Regression testing is important because of the following reasons:

  • Minimize the gaps in testing when an application with changes made has to be tested.

  • Testing the new changes to verify that the changes made did not affect any other area of the application.

  • Mitigates risks when regression testing is performed on the application.

  • Test coverage is increased without compromising timelines.

  • Increase speed to market the product.

Acceptance Testing

This is arguably the most important type of testing, as it is conducted by the Quality Assurance Team who will gauge whether the application meets the intended specifications and satisfies the client’s requirement. The QA team will have a set of pre-written scenarios and test cases that will be used to test the application.

More ideas will be shared about the application and more tests can be performed on it to gauge its accuracy and the reasons why the project was initiated. Acceptance tests are not only intended to point out simple spelling mistakes, cosmetic errors, or interface gaps, but also to point out any bugs in the application that will result in system crashes or major errors in the application.

By performing acceptance tests on an application, the testing team will reduce how the application will perform in production. There are also legal and contractual requirements for acceptance of the system.

Alpha Testing

This test is the first stage of testing and will be performed amongst the teams (developer and QA teams). Unit testing, integration testing and system testing when combined together is known as alpha testing. During this phase, the following aspects will be tested in the application:

  • Spelling Mistakes

  • Broken Links

  • Cloudy Directions

  • The Application will be tested on machines with the lowest specification to test loading times and any latency problems.

Beta Testing

This test is performed after alpha testing has been successfully performed. In beta testing, a sample of the intended audience tests the application. Beta testing is also known as pre-release testing. Beta test versions of software are ideally distributed to a wide audience on the Web, partly to give the program a "real-world" test and partly to provide a preview of the next release. In this phase, the audience will be testing the following:

  • Users will install, run the application and send their feedback to the project team.

  • Typographical errors, confusing application flow, and even crashes.

  • Getting the feedback, the project team can fix the problems before releasing the software to the actual users.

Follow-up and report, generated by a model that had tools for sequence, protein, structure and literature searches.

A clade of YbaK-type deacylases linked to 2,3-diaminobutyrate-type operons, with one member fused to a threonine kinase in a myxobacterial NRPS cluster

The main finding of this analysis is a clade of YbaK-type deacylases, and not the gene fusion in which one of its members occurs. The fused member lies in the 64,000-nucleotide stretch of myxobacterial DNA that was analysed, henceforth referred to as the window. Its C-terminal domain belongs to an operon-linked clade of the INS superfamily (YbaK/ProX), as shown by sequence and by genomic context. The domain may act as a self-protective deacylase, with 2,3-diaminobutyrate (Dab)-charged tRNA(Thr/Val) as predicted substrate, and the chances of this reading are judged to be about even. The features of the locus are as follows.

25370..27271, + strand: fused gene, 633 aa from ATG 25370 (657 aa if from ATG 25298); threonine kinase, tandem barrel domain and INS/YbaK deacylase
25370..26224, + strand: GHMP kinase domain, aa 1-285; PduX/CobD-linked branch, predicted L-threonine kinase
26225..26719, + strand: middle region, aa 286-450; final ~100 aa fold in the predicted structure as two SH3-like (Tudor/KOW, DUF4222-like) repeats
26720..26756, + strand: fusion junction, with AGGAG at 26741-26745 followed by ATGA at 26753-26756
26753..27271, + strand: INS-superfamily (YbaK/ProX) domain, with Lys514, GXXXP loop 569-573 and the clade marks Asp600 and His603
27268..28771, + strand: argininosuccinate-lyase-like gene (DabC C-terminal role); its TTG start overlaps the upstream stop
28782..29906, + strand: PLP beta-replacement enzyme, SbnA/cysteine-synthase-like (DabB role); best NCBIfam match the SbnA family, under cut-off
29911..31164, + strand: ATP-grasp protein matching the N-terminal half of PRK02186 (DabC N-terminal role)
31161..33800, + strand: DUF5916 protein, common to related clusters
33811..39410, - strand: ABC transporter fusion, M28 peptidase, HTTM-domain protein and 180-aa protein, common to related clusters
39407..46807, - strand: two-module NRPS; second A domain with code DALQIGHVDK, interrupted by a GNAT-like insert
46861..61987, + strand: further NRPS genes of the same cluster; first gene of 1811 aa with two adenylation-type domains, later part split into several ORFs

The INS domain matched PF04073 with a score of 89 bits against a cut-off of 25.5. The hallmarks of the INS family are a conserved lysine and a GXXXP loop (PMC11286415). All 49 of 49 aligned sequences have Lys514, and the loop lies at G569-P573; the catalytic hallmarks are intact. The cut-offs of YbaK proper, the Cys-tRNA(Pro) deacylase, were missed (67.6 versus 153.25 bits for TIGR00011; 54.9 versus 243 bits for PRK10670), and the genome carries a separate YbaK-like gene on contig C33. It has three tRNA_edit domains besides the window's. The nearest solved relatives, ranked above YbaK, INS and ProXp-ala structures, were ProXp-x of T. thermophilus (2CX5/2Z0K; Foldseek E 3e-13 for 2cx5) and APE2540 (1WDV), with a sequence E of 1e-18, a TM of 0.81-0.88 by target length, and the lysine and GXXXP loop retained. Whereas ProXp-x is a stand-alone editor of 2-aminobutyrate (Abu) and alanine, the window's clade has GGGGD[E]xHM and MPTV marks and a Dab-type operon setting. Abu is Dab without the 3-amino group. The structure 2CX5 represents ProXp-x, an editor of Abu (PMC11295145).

• The more issues you fix that solve real user problems, the higher the quality of your application will be.

  • Having a higher-quality application when you release it to the general public will increase customer satisfaction.

Non-Functional Testing

This section is based upon testing an application from its non-functional attributes. Non-functional testing involves testing a software from the requirements which are nonfunctional in nature but important such as performance, security, user interface, etc.

Some of the important and commonly used non-functional testing types are discussed below.

Performance Testing

It is mostly used to identify any bottlenecks or performance issues rather than finding bugs in a software. There are different causes that contribute in lowering the performance of a software:

  • Network delay
  • Client-side processing
  • Database transaction processing
  • Load balancing between servers
  • Data rendering

Performance testing is considered as one of the important and mandatory testing type in terms of the following aspects:

  • Speed (i.e. Response Time, data rendering and accessing)
  • Capacity
  • Stability
  • Scalability

Performance testing can be either qualitative or quantitative and can be divided into different sub-types such as Load testing and Stress testing.

Load Testing

It is a process of testing the behavior of a software by applying maximum load in terms of software accessing and manipulating large input data. It can be done at both normal and peak load conditions. This type of testing identifies the maximum capacity of software and its behavior at peak time.

Most of the time, load testing is performed with the help of automated tools such as Load Runner, AppLoader, IBM Rational Performance Tester, Apache JMeter, Silk Performer, Visual Studio Load Test, etc.